This is a guest post written by our coach, Gabi Bradley. You can check out part 1 to this series here.
“Oh 💩! I pushed that thing out of me! I’m a mom!”
These are probably still my most frequent thoughts even eight weeks after our sweet baby girl arrived. If you read part 1, then you know Addison came late, eight days late to be exact. Without going into all the details of her birth, I was in labor ALL day, even after being induced. Pushing was by far the easiest and shortest part for me. And then she was here. This magnificent and strange creature who had, up to this point, been so close and yet so far. We spent the rest of the week in the hospital (she was born on a Wednesday), and the next week we spent in a fog of awe and exhaustion.
I had just performed one of life’s greatest feats by pushing a 7-pound 8-ounce parasite (ahem, I mean miracle) out of my body. But after two weeks, I was ready to begin the rehab process. Keep in mind that having a baby, even a “normal” delivery, is more stressful on your body than orthopedic surgery. To return to any type of pre-baby normalcy, rehab is required.
This post is not a prescription for what all postpartum women can and/or should do. There are many considerations as a new mom begins to navigate the “fourth” trimester (first three months of baby's life outside the womb). This is just what I did and a few things for all women to consider.
“Are you having another baby?”
While I was acutely aware of the fact that I still looked pregnant a couple of weeks after delivery, the little girl next door made sure I knew it. But, comfortable with it or not, my physical appearance is not and should not be my primary concern. Primary concerns include general recovery, sleep, nutrition, hydration, and adjusting to a new lifestyle. Having a newborn is a full-time job. Add breastfeeding to that, and I’m working overtime. Mental health is also so important during this time of recovery. The hormonal changes along with the challenges of caring for a newborn can break down even the most resilient of women. I struggled with feelings of inadequacy when it came to breastfeeding. It stressed me out and left me in tears, especially if I was exhausted. Rushing into exercise would have added stress to an already stressed system and would have taken away precious time with my baby girl.
Right after I made my 6-week appointment with my OB, I made an appointment with pelvic floor physical therapist Lisa Smiley (@kineo.pt on Instagram). It is not uncommon for women to be told they are cleared by their physician, without really being told what they are cleared for. I had minimal tearing which had healed well, and I was in no pain with no concerns. By my old athletic standards, that means I’d be ready to get back at it after some rehabilitative exercises. But there’s no going back; I am forever changed in more ways than one. I have new standards now, so I have to move forward.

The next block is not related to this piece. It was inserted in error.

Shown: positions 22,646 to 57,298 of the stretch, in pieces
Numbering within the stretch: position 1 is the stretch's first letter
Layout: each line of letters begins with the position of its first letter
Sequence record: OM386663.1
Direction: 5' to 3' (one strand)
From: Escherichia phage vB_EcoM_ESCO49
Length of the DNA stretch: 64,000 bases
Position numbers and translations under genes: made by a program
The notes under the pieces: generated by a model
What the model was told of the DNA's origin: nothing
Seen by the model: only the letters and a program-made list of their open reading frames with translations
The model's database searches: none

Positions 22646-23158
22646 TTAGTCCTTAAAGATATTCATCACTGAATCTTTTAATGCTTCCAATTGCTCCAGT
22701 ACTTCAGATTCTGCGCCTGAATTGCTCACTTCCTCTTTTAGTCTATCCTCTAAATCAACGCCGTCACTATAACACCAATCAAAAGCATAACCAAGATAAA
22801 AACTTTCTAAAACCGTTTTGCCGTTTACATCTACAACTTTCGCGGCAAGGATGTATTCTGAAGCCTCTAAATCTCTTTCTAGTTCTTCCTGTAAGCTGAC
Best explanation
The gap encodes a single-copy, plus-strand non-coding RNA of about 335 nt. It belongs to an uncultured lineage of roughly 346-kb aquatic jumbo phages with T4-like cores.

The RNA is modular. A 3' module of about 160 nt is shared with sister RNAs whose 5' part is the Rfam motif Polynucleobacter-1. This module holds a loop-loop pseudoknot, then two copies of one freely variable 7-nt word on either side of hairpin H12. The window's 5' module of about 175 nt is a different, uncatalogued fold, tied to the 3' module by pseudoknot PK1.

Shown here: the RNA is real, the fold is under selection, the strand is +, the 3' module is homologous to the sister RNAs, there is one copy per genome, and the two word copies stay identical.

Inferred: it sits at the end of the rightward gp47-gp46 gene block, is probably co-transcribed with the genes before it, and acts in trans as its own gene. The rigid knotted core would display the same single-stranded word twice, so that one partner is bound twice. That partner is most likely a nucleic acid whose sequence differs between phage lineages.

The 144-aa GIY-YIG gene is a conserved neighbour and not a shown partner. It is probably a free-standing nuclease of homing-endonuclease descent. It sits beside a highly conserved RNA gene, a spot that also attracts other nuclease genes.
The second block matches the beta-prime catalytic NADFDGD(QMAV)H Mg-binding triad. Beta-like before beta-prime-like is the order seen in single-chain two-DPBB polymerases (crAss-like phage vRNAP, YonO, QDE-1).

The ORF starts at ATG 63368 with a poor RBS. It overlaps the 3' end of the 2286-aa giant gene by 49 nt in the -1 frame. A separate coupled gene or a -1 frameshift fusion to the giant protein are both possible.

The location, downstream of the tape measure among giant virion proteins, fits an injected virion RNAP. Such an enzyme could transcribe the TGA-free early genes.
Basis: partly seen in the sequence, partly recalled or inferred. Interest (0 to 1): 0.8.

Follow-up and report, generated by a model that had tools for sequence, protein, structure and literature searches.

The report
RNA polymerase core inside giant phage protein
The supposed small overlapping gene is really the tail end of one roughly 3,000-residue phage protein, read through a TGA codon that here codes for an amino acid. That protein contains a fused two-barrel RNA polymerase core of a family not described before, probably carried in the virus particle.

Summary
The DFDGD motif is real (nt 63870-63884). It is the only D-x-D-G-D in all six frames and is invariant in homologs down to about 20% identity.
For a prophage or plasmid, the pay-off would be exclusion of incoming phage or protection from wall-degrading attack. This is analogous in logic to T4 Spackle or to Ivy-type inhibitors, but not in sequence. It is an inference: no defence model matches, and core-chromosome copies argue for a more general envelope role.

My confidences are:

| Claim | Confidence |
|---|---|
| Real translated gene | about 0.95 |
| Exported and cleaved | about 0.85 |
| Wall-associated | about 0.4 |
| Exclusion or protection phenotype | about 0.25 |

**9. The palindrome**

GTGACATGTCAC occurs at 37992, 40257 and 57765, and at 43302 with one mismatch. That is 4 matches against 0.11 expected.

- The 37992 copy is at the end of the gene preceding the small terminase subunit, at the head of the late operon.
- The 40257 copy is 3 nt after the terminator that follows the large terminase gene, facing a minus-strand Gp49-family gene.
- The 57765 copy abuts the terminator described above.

Initially, my rehab focused solely on my breath and reconnecting with my pelvic floor. If you don’t know, the pelvic floor is a group of muscles that supports pelvic floor organs like the bladder. It works in tandem with your core muscles on a daily basis and when you exercise. Pregnancy and labor do some damage to this system. My initial assessment showed that my pelvic floor muscles are weak, and I have a diastasis (separation of my abs along the linea alba; this happens in all pregnancies). So my therapy involves simple movements utilizing new strategies as I rebuild and reintegrate movements into my routines.
Common postpartum dysfunctions include diastasis recti, pelvic organ prolapse (pelvic organs press into or out of the vagina), and incontinence. A pelvic floor physical therapist can help with strategies to manage and rehab these issues. But these therapists aren’t just for postpartum women. Whether you’ve had a baby or not, if you leak during jump ropes, box jumps, or other high-intensity exercises, consider seeing a pelvic floor therapist. It may be common, but that doesn’t mean you have to live with it.
When I was a college athlete, I hardly ever sat on the bench. I played through shin splints turned stress fractures, a broken nose, and two arthritic knees. So when I first read “slow is fast“ in Briana Battles’ Pregnancy and Postpartum Athleticism course, I was a little put-off. If I thought that changing my mindset was difficult during my pregnancy, it is an even greater challenge now postpartum. I do not feel injured, but I know that my body has gone through something amazing and traumatic. It’s hard to go slow when my brain is telling me that I’m good to go. But I have to keep reminding myself that there is no hurry.
I am currently working through Brianna Battles’ 8 Week Postpartum Athlete Training Program. And it is slow. Last week was week 3, and I squatted with a barbell for the first time. To a box. The bar was empty. As much as I hated it, I did the workout as written, trying to focus on being intentional with my movements and new strategies. In soccer, after we scored a goal, we would huddle together and say, "Next five!" That meant the next five minutes were critical. Yes, we scored, but we had to remain focused and stick to our game plan. I don’t know the number, but the next few months are crucial in my postpartum recovery and my life down the road. I have to be patient and stick to the game plan. Besides, I am loving mom life with my smiley, chatty little girl. So, why rush it?
Thanks for reading and stay tuned for Part 3 of this blog series.